Fallopian Tube Block

Fallopian Tube Block

Fallopian tube obstruction is a major cause of female infertility. Approximately 20% of female infertility can be attributed to tubal causes Blocked fallopian tubes are unable to let the ovum and the sperm converge, thus making fertilization impossible

Types of tube Block

Distal tubal occlusion (affecting the end towards the ovary) is typically associated with hydrosalpinx formation and often caused by Chlamydia trachomatis. Pelvic adhesions may be associated with such an infection. In less severe forms, the fimbriae may be agglutinated and damaged, but some patency may still be preserved. Midsegment tubal obstruction can be due to tubal ligation procedures as that part of the tube is a common target of sterilization interventions. Proximal tubal occlusion can occur after infection such as a septic abortion.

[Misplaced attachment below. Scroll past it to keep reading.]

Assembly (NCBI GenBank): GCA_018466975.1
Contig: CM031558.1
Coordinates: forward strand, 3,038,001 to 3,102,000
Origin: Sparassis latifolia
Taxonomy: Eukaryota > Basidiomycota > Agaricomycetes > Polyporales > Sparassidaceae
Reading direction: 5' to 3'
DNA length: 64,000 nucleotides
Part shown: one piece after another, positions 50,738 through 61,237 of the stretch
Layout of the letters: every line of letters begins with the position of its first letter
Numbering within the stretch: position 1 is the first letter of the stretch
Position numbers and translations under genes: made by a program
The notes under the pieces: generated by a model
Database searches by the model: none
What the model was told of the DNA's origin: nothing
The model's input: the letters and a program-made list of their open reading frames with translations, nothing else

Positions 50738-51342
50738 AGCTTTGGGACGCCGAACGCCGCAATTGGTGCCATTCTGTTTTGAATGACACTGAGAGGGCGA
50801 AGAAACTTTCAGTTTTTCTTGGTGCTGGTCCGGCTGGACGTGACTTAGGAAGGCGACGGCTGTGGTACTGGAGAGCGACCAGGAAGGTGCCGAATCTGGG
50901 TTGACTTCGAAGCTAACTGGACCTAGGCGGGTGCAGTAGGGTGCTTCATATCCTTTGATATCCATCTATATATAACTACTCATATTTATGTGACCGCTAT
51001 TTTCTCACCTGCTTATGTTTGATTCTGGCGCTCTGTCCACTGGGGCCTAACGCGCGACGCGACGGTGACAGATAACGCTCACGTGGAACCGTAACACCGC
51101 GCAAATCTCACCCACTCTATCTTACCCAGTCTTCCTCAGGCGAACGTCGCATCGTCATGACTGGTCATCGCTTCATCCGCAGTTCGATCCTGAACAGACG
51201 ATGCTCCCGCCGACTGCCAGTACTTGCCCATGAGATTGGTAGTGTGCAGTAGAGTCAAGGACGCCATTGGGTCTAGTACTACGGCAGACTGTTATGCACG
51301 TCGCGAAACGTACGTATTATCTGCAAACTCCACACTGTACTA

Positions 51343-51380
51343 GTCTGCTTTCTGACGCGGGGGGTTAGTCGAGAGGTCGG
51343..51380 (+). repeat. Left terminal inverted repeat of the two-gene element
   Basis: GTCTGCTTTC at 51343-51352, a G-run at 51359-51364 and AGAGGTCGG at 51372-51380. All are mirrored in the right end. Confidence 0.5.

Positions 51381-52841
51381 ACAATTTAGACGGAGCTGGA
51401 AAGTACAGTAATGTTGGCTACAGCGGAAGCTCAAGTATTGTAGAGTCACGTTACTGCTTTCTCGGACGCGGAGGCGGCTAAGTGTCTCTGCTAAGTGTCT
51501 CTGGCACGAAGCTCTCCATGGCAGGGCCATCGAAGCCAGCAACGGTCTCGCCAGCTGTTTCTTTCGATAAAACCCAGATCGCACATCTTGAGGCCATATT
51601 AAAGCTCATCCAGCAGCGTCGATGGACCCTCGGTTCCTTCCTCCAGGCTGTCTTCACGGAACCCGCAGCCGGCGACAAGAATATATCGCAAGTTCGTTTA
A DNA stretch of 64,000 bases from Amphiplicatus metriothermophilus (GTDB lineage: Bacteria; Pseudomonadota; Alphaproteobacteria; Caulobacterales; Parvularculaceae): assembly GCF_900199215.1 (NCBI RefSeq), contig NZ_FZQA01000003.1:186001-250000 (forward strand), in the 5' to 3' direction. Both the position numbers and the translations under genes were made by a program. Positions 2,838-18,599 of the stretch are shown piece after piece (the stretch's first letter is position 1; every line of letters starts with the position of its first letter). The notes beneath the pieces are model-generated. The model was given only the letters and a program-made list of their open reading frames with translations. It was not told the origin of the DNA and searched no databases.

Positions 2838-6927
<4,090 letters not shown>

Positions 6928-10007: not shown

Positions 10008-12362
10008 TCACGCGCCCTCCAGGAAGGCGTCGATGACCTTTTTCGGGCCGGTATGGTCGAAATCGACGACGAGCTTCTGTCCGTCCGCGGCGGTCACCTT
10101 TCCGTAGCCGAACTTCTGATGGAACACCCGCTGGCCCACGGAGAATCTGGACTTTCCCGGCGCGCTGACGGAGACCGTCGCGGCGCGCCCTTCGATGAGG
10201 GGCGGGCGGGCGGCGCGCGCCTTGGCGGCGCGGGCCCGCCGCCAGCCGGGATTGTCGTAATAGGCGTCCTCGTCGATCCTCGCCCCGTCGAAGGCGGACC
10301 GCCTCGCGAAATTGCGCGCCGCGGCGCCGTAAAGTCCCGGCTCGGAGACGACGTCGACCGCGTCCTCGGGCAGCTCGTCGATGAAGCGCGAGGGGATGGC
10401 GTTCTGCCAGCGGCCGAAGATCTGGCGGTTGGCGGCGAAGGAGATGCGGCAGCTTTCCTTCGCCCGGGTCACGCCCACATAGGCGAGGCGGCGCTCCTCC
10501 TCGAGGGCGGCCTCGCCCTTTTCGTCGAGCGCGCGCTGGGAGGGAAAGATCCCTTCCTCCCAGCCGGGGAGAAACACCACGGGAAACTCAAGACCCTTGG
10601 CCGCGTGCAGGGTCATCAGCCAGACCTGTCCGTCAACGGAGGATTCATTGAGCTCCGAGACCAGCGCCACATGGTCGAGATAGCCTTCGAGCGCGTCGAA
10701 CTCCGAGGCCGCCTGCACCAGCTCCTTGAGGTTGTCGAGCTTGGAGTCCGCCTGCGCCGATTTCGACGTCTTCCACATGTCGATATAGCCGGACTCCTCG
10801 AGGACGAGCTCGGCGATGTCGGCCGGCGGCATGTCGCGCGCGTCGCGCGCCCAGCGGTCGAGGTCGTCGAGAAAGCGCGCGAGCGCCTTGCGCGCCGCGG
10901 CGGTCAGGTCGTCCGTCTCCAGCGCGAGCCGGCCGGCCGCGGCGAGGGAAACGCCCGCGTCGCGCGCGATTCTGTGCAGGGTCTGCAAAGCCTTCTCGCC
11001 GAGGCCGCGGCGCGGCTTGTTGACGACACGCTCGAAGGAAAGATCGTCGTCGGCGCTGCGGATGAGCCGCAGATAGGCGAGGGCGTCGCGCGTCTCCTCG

Most commonly a tube may be obstructed due to infection such as pelvic inflammatory disease (PID). The Fallopian tubes may also be occluded or disabled by endometritis, infections after childbirth and intraabdominal infections including appendicitis and peritonitis. The formation of adhesions may not necessarily block a fallopian tube, but render it dysfunctional by distorting or separating it from the ovary.


A full testing of tubal functions in patients with infertility is not possible; testing of tubal patency is feasible. A hysterosalpingogram will demonstrate that tubes are open when the radio opaque dye spills into the abdominal cavity. Sonography can demonstrate tubal abnormalities such as a hydrosalpinx, indicative of tubal occlusion.

Homeopathic management

There are medicines in homoeopathy to control the infection in the fallopian tube and will dissolve the blockage .Try the medicines for at least 6 months